national anthology of the best undergraduate writing 2011

Aberdeen Farm, A Crossing

David Leach  • 
Oberlin College


Pick some fruit, bruised purple.

We did not plant this tree.


So we walked,

so we stand, lakeside.

The grey dock.


Wind breaks water into a rough sketch

of sky, the circling forest.


The dogs will fetch ‘til after

dusk, undercoats dripping mud,

their grins a bone joy.




How many rooms in the house?


A mother buried in the garden,

her painting of blackbirds

over the piano.


Four generations of sun.

What the dust knows.

Kitchen tile so patient under

our steps, spilt mustard and

the talk of building fences.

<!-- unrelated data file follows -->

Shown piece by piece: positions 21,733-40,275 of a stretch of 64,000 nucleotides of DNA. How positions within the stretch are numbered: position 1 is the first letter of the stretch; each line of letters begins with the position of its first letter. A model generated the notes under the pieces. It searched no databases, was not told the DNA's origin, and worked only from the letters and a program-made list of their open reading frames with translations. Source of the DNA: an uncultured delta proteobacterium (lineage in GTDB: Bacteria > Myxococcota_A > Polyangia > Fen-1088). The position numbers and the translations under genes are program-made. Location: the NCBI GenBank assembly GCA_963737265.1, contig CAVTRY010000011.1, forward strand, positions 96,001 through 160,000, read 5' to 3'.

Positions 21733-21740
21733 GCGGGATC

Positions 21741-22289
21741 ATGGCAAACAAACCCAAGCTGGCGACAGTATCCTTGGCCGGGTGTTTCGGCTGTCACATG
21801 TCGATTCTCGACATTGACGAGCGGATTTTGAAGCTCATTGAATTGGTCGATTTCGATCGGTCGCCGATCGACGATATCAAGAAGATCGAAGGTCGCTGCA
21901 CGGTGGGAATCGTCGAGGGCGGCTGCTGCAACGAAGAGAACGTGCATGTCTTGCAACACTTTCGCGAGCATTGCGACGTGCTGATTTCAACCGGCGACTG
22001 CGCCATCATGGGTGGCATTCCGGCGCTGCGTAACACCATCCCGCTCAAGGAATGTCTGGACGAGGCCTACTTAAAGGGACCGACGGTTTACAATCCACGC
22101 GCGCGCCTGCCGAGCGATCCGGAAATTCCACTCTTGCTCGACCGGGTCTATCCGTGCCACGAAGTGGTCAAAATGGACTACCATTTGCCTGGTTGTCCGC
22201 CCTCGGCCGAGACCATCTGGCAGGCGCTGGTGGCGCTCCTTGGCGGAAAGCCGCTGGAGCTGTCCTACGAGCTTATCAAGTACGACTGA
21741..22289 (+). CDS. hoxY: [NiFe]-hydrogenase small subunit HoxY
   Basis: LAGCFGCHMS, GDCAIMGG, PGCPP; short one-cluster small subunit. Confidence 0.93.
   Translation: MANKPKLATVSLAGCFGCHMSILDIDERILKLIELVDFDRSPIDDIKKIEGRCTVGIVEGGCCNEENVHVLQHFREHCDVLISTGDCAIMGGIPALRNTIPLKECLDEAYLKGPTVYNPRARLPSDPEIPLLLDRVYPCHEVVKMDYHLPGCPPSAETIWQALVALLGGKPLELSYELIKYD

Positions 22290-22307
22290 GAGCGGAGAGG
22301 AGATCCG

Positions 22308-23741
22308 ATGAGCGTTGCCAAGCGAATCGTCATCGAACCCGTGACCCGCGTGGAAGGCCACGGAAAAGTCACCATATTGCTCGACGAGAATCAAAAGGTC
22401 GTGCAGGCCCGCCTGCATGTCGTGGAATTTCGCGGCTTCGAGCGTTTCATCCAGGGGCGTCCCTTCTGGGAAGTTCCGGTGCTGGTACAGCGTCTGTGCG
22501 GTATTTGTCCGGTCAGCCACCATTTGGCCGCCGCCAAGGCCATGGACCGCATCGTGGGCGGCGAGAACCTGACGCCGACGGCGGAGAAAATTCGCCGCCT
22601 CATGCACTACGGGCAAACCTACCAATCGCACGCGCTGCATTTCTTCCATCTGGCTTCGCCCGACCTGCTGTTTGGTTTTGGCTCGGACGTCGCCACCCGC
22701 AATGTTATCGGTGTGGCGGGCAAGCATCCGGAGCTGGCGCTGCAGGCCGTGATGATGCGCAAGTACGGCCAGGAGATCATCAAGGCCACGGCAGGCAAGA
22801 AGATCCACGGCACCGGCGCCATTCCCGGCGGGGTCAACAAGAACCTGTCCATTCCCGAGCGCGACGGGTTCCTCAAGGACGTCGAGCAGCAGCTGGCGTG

Smell the afternoon like new paper.




Brush pile twenty feet tall for burning,

gasoline in dirty cans waits for first snow.


The barking dogs over some distance–

echoed attempts at more than language,

an engagement.


The sprained ankle river softly under the lichened bridge.




Cut down the apple tree quick

to accept the axe,

a companion of a kind.


Not in the blow,

but in the touch before,

the testing.


These roots are not enough.

From the chimney–to be a cloud–

these roots are everything,

will be even after.




On the hill dividing

the properties, the neighbors

dump hundreds of clam shells

dredged from their lake dug

from their fields.


Wear orange in hunting season,

keep the dogs close.


Feed the chickens at dawn.

Do not swim in the lake alone,

the lake alone.